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35C3 CTF

This is my first time participating in C3 CTF. Although I wasn’t able to solve many challenges within the time of the CTF, I still find the challenges really awesome and exciting. I wanted to solve pwnable challenges with the hope to learn more about exploit development of real applications, but ended up solving 2 RE ones. Here is my writeup for them :)

RE - Corebot

This challenge is a 32-bit Windows binary. When I tried running the binary for the first time, it was odd because it didn’t prompt for any input and just printed out NOPE. However, the logic of the binary is pretty straight forward:

  • There is a sequence of API calls to crypto-related functions such as:
    • CryptAcquireContext
    • CryptImportKey
    • CryptSetKeyParam
    • CryptDecrypt
  • There is a API call to GetVolumeInformation to get information of the partition that the binary is on. Only the serial number of the volume is relevant to the rest of the challenge.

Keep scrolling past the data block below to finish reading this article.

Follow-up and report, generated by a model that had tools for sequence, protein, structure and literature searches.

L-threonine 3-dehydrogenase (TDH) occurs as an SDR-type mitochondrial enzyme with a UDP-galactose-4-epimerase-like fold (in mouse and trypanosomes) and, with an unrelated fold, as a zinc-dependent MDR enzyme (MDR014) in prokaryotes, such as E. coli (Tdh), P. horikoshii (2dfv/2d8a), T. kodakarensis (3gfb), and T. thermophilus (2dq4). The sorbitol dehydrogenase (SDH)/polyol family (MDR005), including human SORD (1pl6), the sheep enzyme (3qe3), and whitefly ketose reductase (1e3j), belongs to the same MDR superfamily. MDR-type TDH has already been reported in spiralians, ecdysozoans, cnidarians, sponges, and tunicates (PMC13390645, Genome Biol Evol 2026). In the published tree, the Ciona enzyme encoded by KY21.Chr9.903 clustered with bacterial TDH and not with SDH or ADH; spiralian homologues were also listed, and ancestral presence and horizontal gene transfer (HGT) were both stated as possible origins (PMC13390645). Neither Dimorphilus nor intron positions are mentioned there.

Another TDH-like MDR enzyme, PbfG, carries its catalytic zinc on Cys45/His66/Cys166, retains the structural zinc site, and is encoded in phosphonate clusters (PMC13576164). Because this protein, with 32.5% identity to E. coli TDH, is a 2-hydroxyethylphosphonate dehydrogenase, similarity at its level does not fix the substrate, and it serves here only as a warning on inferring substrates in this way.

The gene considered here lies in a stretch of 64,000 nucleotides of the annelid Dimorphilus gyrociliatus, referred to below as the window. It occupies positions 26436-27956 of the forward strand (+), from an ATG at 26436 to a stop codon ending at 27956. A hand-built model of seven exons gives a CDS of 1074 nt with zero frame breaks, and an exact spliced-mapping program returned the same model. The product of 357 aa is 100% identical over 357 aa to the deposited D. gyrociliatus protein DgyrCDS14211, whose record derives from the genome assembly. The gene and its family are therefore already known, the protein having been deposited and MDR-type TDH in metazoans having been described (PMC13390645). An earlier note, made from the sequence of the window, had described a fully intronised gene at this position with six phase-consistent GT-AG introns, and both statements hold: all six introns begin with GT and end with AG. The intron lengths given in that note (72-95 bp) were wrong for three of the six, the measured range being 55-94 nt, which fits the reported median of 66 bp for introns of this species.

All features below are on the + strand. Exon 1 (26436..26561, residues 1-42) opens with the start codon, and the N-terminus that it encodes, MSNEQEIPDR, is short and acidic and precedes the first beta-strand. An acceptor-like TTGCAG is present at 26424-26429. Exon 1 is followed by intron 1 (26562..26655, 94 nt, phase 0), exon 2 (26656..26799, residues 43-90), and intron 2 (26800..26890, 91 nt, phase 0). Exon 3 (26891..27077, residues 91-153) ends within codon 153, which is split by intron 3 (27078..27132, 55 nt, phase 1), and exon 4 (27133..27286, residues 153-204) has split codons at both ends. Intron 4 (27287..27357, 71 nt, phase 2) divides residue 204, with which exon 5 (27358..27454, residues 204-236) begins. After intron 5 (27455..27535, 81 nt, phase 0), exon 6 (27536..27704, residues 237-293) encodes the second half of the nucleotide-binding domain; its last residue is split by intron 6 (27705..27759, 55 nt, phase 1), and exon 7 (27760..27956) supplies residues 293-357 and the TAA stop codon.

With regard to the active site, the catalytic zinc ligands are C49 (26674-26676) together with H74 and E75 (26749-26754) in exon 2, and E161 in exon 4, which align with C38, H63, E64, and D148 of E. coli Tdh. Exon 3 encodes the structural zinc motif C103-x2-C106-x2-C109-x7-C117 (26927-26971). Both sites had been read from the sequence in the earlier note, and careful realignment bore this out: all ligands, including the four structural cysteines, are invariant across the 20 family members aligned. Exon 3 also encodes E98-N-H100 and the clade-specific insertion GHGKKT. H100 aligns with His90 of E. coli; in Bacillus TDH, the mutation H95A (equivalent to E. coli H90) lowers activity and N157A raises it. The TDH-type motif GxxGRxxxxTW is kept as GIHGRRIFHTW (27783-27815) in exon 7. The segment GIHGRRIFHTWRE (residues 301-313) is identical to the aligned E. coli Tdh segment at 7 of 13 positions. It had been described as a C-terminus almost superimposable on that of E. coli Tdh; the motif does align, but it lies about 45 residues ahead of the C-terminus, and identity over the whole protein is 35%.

• The binary performs some comparison at the end of the _start function after decrypting some data. It will print out NOPE. if the decrypted data doesn’t starts with some predefined bytes (in this case, it is the flag prefix 35C3)

This reminds me a lot of level 4 of this year Flare-on challenge, which was also a windows binary involving some data decryption. Although this is much simpler, there are at least these 2 ways to solve this:

  • Statically reverse engineer the encryption and figure out what is the correct input that satisfies the condition after some data is decrypted.